Prohibition & the Crash
Failed theories: a rehash of some unconvincing explanations, and one or two good ones
Richard Bookstaber came up with two observations that match the facts. The first is that there is never a single cause but rather a nexus of events close together in time which precipitate every major crash. The second is his analogy with cockroach antennae as a mechanism for detecting threats and taking flight. This may matchthe strategy adopted by victims of taxation and exploiters of the economic dislocations brought about by sumptuary and looter laws. His book is titled  A Demon of Our Own Design.
Ben Bernanke's theories are couched entirely in terms of transcendental functions, with no relation whatsoever to any discernible fact or event. Since they come out of nowhere, that is where they lead.
Elmus Wicker assembles the most useful data, but his approach is to so define panics and crashes as to make them go away. Nice trick if you can make it work--and teach the Fed. According to Wicker, there were only perhaps three such crises, all of them caused by the deus-ex-machina of loss of confidence arising from nowhere, from no identifiable cause.
Peter Temin was fairly lucid in confessing not to know the causes. In his second book, however, he reverses thrust and claims the crash was the result of a shortage of socialist policies.
Ayn Rand--who married in 1929--came up with the best explanation. It is based on observable facts and works for nearly all major crashes. It is condensed in the "money speech" in Atlas Shrugged, and again set forth in the preamble to the stage version of "The Night of January Sixteenth." January 16, 1920, incidentally, was the day the Volstead Act for enforcement of the prohibition amendment went into effect.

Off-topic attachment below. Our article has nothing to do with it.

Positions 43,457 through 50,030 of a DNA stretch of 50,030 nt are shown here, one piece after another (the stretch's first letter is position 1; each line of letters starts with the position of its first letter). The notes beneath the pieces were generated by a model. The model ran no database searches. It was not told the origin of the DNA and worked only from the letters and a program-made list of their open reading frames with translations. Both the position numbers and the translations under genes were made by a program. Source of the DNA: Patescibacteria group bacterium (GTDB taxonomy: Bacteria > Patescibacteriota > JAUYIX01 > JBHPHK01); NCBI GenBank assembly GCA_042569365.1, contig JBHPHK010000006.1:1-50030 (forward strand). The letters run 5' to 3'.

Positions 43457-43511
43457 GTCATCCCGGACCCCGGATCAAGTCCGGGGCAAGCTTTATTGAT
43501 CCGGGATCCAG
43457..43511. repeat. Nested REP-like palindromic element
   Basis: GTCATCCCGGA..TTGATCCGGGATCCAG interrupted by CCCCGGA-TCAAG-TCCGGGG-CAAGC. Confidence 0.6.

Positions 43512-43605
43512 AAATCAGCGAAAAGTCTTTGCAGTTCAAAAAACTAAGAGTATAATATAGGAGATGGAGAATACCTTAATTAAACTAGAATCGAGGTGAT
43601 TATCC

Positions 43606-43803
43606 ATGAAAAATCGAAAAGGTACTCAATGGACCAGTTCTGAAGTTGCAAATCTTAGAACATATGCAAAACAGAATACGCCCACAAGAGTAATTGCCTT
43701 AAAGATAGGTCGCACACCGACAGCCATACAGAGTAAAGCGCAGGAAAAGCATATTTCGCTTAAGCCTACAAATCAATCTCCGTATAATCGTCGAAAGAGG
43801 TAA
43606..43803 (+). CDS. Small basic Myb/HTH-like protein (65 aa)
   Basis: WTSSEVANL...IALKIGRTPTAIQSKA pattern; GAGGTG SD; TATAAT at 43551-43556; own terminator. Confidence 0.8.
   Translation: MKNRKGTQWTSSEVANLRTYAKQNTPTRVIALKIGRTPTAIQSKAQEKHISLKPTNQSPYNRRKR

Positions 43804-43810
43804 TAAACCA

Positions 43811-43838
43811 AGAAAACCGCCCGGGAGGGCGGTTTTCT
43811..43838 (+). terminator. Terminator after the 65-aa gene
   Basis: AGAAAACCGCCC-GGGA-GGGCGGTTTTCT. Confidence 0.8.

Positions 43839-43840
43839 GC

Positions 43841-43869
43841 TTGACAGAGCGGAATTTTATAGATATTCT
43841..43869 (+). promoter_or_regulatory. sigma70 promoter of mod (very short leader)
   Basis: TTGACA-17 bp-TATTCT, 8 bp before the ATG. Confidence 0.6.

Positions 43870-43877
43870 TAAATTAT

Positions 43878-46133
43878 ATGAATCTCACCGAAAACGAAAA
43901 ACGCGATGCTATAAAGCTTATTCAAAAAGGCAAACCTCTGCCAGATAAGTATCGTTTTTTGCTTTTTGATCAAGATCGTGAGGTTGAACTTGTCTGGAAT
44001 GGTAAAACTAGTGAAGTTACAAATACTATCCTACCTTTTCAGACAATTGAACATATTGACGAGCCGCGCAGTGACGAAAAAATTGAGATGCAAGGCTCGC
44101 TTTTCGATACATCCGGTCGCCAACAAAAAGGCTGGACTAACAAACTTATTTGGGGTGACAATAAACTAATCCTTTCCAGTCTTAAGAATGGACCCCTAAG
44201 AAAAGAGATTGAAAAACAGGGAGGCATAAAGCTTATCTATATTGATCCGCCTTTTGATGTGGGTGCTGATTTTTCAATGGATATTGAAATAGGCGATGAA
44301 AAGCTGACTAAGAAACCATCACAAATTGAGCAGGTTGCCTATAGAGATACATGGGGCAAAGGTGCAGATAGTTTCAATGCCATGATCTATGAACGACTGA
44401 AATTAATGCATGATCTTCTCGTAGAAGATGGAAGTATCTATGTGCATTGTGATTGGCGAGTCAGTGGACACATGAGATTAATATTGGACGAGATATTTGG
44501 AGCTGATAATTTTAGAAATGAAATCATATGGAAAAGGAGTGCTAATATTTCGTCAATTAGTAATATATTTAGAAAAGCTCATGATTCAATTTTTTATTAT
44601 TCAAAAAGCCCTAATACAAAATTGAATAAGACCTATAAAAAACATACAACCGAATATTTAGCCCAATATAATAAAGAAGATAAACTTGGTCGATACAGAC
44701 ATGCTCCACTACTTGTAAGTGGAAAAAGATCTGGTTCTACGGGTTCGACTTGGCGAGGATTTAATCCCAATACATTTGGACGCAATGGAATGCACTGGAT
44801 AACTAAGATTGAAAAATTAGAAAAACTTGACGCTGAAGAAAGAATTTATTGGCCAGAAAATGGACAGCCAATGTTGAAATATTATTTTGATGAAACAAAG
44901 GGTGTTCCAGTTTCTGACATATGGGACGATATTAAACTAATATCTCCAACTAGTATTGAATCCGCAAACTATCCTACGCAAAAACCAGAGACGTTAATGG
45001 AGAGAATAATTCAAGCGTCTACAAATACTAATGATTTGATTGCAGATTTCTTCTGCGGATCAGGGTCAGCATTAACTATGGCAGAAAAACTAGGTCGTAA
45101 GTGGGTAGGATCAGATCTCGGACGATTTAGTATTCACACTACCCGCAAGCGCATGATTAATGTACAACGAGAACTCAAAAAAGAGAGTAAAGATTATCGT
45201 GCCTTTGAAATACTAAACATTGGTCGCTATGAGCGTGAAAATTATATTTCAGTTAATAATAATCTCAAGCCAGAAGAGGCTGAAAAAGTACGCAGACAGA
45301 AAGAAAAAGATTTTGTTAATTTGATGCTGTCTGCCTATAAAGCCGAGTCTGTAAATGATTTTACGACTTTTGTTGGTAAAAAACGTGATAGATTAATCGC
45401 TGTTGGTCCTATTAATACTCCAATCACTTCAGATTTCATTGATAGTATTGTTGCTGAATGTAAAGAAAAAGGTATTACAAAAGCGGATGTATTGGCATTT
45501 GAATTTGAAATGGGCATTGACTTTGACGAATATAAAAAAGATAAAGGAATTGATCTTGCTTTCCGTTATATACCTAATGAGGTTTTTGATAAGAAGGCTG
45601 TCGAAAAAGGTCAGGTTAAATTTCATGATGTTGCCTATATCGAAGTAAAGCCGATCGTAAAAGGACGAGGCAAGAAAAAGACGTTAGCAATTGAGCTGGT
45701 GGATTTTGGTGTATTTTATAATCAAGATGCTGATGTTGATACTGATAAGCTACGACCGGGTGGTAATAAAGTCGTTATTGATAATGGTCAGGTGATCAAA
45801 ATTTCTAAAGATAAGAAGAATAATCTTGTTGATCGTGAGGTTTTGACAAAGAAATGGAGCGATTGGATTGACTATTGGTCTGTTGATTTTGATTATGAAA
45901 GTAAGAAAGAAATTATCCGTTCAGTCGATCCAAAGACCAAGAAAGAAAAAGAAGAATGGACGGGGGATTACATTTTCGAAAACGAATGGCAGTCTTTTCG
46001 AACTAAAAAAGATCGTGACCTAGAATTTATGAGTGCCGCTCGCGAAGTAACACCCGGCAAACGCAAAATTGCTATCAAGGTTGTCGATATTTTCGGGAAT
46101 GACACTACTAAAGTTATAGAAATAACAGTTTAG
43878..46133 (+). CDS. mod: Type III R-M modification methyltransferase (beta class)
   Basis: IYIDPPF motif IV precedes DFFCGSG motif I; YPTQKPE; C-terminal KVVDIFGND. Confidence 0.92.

Herbert Hoover denied the tariff act had anything to do with it "because it was only passed afterward." This same evasion was used in 1893 to obfuscate causes, and loses sight of Baruch's definition of a speculator. What Congress did while planning the tariff act had important economic effects in triggering the Crash, but mystical and altruistic policies were what created the Great Depression.
My explanation states that the crash and most panics resulted from using the 16th Amendment and the revenue laws to prop up the 18th at the expense of the 4th and 5th Amendments, i.e. freedom, hence, the economy. But the interesting part is how major players in the economy found a way to use the 18th amendment and its laws to circumvent the 16th. While they did the economy grew as it had before 1912.